Readers Digest
Magazine subscription Podcast
HomeMoneyProperty

Mini home office: How to create a great tiny workspace

BY Ned Browne

14th Sep 2022 Property

Mini home office: How to create a great tiny workspace

Working from home in a small space can be really challenging. Here’s our advice for making the most of a mini home office

The race for space was one of the legacies of the pandemic. Places to work became coveted. According to the Office for National Statistics, almost half of working adults were working from home at times during the pandemic. And, of those, 8 in 10 said they planned to "hybrid work" in the future.

"The race for space was one of the legacies of the pandemic"

No wonder properties with office rooms are still selling for a premium. Here’s how to create your own miniature home office.  

Creating a workstation 

If you don’t have a spare room, don’t think you can’t have a workstation.  

You don't need a spare room to create a workstation

You don't need a spare room to create your workstation

During the pandemic, some people created workspaces in unused shower rooms and understairs cupboards. Others sub-divided or reconfigured existing rooms. Part bedroom, part office—why not? 

Power outlets

The first thing you need is lots of power outlets. Remember, you could need power for a fan, a mobile, a laptop, a printer, a router and a desk lamp.  

If adding new sockets isn’t in your budget, you can always replace an existing socket with one that incorporates USB A or C sockets. This effectively creates four power outlets from one double socket. 

Wi-Fi connection

Test the Wi-Fi before committing to an area for your home office. You may have to relocate your router or buy a Wi-Fi extender. Alternatively, you may find that you can hotspot from your mobile, especially if you have access to 5G and a decent data package.  

Woman on a video call

Make sure you have stable Wi-Fi and a good webcam for those Zoom meetings

Also, get decent speakers and update your webcam. There’s nothing more unprofessional than someone’s inability to communicate properly when they’re working from home.  

Speaking of which, if there are kids in the house, you might need a lock on the door. Or at least a "Do Not Disturb" sign! 

Comfort is key 

If you’re going to sit at your desk for hours on end, it’s vital that you have a comfy, supportive seat and that you’re not over reaching. Raise or lower the height of your desk accordingly.  

Buy a fan too, ideally in winter or spring, when you’ll still be able to track one down.  

"You don’t necessarily need to buy a desk. You could repurpose an existing table [or] create a desk space from MDF"

Of course, you don’t necessarily need to buy a desk. You could repurpose an existing table or, if you have an alcove, install brackets on each side and create a desk space from MDF. If you’re feeling more ambitious, putting up a stud wall to create an alcove is also pretty straight forward.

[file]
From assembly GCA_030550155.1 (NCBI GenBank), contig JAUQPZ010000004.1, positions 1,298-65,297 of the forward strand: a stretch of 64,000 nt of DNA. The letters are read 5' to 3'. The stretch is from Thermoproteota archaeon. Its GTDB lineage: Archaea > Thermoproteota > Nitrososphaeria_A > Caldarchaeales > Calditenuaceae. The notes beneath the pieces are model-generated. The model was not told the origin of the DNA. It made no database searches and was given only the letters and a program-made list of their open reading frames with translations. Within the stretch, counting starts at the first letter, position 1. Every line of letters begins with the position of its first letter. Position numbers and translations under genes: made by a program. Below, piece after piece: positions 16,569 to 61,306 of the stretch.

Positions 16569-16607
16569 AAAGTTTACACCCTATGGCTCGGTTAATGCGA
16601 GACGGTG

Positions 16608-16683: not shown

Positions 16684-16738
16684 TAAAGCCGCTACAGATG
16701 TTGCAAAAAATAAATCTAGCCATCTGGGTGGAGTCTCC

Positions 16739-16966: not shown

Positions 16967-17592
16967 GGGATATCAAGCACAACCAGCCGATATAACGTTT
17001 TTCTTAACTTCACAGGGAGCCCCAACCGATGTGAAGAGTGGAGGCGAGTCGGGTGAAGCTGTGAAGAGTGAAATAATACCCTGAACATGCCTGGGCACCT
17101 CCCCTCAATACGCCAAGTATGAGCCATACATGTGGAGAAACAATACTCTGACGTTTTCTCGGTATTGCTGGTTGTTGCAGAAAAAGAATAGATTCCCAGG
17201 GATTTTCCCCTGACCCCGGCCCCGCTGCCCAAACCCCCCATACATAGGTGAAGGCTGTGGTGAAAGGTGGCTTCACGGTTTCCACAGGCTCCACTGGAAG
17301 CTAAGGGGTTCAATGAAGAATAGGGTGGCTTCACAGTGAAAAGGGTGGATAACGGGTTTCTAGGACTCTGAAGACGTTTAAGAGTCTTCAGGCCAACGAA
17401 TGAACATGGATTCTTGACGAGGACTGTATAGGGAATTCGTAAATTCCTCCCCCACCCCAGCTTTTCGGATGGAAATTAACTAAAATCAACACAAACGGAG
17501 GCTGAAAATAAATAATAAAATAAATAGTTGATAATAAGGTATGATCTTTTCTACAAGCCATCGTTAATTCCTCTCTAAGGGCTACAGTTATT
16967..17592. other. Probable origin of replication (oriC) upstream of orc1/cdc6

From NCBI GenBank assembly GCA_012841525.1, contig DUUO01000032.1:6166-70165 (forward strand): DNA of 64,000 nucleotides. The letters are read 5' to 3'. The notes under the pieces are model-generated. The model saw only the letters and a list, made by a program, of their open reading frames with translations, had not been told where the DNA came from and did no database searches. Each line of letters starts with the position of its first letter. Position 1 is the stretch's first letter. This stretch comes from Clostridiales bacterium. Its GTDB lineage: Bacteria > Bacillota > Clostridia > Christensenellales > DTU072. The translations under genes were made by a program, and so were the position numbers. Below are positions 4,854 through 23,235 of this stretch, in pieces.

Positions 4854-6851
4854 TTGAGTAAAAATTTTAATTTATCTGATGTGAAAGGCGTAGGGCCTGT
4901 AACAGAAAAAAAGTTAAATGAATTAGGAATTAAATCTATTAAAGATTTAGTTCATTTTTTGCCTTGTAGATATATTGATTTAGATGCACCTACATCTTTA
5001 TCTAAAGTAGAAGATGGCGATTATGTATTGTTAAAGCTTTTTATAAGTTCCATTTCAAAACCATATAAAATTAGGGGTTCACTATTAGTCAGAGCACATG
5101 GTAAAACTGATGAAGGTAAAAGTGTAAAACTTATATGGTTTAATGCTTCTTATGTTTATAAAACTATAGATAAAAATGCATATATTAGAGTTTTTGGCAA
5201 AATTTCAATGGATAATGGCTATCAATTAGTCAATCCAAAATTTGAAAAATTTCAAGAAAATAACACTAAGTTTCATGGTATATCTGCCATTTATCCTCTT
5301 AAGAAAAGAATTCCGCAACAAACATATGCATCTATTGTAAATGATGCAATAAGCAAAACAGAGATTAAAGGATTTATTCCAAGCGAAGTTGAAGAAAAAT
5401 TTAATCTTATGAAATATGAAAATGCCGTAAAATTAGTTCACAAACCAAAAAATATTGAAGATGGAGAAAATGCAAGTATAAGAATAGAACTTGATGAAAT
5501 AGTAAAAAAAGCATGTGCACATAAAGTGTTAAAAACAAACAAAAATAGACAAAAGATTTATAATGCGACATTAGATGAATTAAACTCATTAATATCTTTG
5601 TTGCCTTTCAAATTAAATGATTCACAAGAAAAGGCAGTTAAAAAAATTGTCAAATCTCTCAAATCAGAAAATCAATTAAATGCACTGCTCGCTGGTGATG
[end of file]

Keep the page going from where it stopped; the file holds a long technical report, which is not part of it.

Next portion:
Lighting 

If your workspace area has a window, great—unless, that is, you find yourself staring out of it instead of cracking on with your work.  

Woman staring out of window

Don't get too distracted by the view!

You’ll need a decent blind too, to countenance the glare on computer screens (and the risk of daydreaming). If you don't have a window, think carefully about lighting. You don't want it too bright, nor too dark. 

Storage and shelving 

Ideally your desk will be free from clutter. Keep your stapler and other detritus in a draw and your paperwork in box files or similar on the shelves. You will need shelving, too. Use the high up shelves for soon-to-be-archived work.

Pictures and plants 

If you spend hour after hour in one space, make sure it’s a beautiful place. Surround yourself with pictures and plants and redecorate if necessary.

Home office with plants

Decorate your space with houseplants and photos

At the end of every workday, clean your desk and work space. It will make the following workday so much more pleasant. 

Final thoughts 

Creating a home office will not only increase the functionality of your home, it will also add value. You don’t have to spend much money to make this a reality. It’s a no-brainer! 

Keep up with the top stories from Reader's Digest by subscribing to our weekly newsletter

*This post contains affiliate links, so we may earn a small commission when you make a purchase through links on our site at no additional cost to you.

 

Loading up next...
Stories by email|Subscription
Readers Digest

Launched in 1922, Reader's Digest has built 100 years of trust with a loyal audience and has become the largest circulating magazine in the world

Readers Digest
Reader’s Digest is a member of the Independent Press Standards Organisation (which regulates the UK’s magazine and newspaper industry). We abide by the Editors’ Code of Practice and are committed to upholding the highest standards of journalism. If you think that we have not met those standards, please contact 0203 289 0940. If we are unable to resolve your complaint, or if you would like more information about IPSO or the Editors’ Code, contact IPSO on 0300 123 2220 or visit ipso.co.uk